Martin McGuinness followed along the familiar trail of so many enemies of Britain’s weary colonial history. A “super-terrorist” becomes a super-statesman. Jomo Kenyatta comes to mind. And Archbishop Makarios. And of course, Menachem Begin. With blood on their hands, they pass through that mist of nobility bestowed by colonial power and former rulers – and re-emerge as statesmen of compromise, eloquence, even humour.
I’ve never been sure they really changed that much. Begin blew up the King David Hotel, murdered two British army sergeants because the Brits were executing Irgun fighters, and became Prime Minister of Israel. He signed a peace agreement with Egypt, met Margaret Thatcher – then invaded Lebanon in 1982: 17,000 died.
In fact, most of these folk recalled their past with a certain amount of caution. “Father of the Nation”, they liked to be called – although that hardly applied to McGuinness. Michael Collins went through a similar transmogrification. There he was, killing Churchill’s Cairo Gang intelligence men in Dublin and then sitting in Downing Street with Lloyd George and Churchill himself, who told of meeting Collins whose hands had “touched directly the springs of terrible deeds”. Doubtless, he would have said the same of McGuinness.
In 1972 I saw him first, standing beside a table on the Creggan – already no-go Derry after Bloody Sunday – for a frantic press conference. They said he was the IRA commander in Derry (he was actually number two), but he was a rather frightening young man, 22 at the time, high cheekbones, fluffy, curly hair, red-faced, sharp, narrow eyes, unsmiling. A very dangerous man, I thought at the time – to his enemies, at least. There was a rifle in the room, though I don’t think he touched it. People later said it was a Kalashnikov, but there weren’t many AKs around at the time and I rather think it was an old American Garand.
The British were claiming at the time that McGuinness was the most wanted man in Derry or Northern Ireland or all of Ireland – but they did that on a regular basis to all their most tenacious enemies. That’s what they once called Begin. That’s what they said about Collins in the early 1920s, who passed through that infamous mist of nobility when he signed the grim Treaty which the Brits had prepared for him, Griffith and the others. It cost him his life, of course, so he never travelled to Buckingham Palace to meet the King. But Collins did meet James Craig, one of Northern Ireland’s most sectarian Protestant prime ministers, before he was killed by his own people. Avoiding assassination, McGuinness was to sit down with Ian Paisley and his cronies and become deputy minister of the state he tried so hard to destroy. That alone was worth a handshake from the British monarch.
But we should not be too romantic about violent men who pass through the archway of British political acceptance. Sadat was a German spy in Cairo in the Second World War. Then he became the beloved peace-maker. Nasser was at first greeted by Eden, who only later called him the Mussolini of the Nile, although Nasser did for the British Empire at Suez. Yasser Arafat was a “super-terrorist” when I first met him in Beirut in the 1980s, blathering on about the “Zionist military junta”; then he signed the Oslo agreement and became a “super-statesman” and shook hands with Bill Clinton and Yitzhak Rabin. Yet under the brutal Sharon, he reverted to “super-terrorist” status, up to and including his moment of death. What moral transformartions! His body must have been “spinning” even before it was put in the grave.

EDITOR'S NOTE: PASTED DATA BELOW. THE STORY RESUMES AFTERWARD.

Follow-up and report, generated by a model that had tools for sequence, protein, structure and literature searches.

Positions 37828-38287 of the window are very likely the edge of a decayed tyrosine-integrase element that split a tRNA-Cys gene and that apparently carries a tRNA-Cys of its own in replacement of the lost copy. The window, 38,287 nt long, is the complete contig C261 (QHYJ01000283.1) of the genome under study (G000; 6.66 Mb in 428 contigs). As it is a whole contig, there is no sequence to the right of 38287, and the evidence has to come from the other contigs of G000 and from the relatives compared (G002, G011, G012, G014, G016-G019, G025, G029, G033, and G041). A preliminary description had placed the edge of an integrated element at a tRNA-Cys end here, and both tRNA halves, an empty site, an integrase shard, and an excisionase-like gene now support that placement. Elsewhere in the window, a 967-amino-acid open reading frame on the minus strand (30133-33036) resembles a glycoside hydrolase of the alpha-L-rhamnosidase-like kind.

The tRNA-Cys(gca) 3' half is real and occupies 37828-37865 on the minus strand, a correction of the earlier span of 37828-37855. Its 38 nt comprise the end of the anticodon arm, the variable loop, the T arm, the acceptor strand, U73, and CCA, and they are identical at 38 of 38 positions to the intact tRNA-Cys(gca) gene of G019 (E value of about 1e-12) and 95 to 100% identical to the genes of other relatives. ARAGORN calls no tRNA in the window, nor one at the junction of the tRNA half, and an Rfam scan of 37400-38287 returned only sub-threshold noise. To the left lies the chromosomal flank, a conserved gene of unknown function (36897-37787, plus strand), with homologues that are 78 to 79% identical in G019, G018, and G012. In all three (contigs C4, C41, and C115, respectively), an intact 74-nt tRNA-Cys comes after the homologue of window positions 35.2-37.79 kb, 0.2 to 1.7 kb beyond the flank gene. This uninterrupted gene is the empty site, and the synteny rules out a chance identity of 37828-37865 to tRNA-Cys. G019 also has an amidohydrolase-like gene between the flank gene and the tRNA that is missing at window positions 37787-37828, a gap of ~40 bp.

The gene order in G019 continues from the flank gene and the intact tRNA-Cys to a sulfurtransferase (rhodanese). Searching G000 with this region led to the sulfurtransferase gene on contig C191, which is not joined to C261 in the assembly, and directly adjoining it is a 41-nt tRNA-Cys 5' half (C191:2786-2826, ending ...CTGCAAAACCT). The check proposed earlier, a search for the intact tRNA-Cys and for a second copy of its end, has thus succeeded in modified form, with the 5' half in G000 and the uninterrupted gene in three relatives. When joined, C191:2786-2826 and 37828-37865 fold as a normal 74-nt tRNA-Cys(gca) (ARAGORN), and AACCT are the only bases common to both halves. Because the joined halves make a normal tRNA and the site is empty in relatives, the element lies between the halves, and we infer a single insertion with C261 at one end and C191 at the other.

It’s a heady, giddy business to undergo these constant conversions. Saddam was our man when he sent his Iraqi legions into revolutionary Iran in 1980 but then became the Hitler of the Tigris when he invaded the wrong country (Kuwait) 10 years later and got bombed for it, and was then invaded in 2003 for the one crime he didn’t commit (9/11). Off with his head, we cried, and the noose surely strangled him. Then take Muammar Gaddafi, whose Libyan coup was at first welcomed by the Foreign Office. But then he went a bit mad, issuing Trump-like statements of mind-numbing inanity, and then tried to fix up McGuinness and his mates with explosives and organised a bomb in a Berlin nightclub where it killed an American serviceman – and then got bombed by Ronald Reagan who dubbed him the “Mad Dog of the Middle East”.
But the “Mad Dog” outlived Saddam and got slobbered over by the Brits for deconstructing nuclear weapons he never had, and Saint Tony bestowed a kiss upon him and all was well until the Libyans decided they’d had enough and the much-kissed Muammar was butchered by a mob. No wonder he had a strange, puzzled look in his eyes at the time. Then there was Bashar al-Assad, son of the ferocious Hafez, invited to Bastille Day but then – post-Arab Awakening – loathed by the French, whose foreign minister declared that he did not deserve to live “on this earth”. The Quai d’Orsay did not suggest which particular planet he should fly to. But reader alert: with the Europeans back-peddling on their demands for his overthrow and Putin welcoming him to the Kremlin, we may yet see Bashar back in the halls of western Europe.
McGuinness, of course, maintained his statesmanship to the end, seeing off the grousing old Paisley, watching Peter Robinson slip in the Unionist mire and then observing the Democratic Unionists swamped in financial scandal. A good time to go, you might say, and join all the other “most wanted men” in the sky. But one of them, we would do well to remember, had a wanted poster all his own more than 100 years ago, way back in the Boer War: his name was Winston Churchill. And much to talk about they’ll have, I’m sure.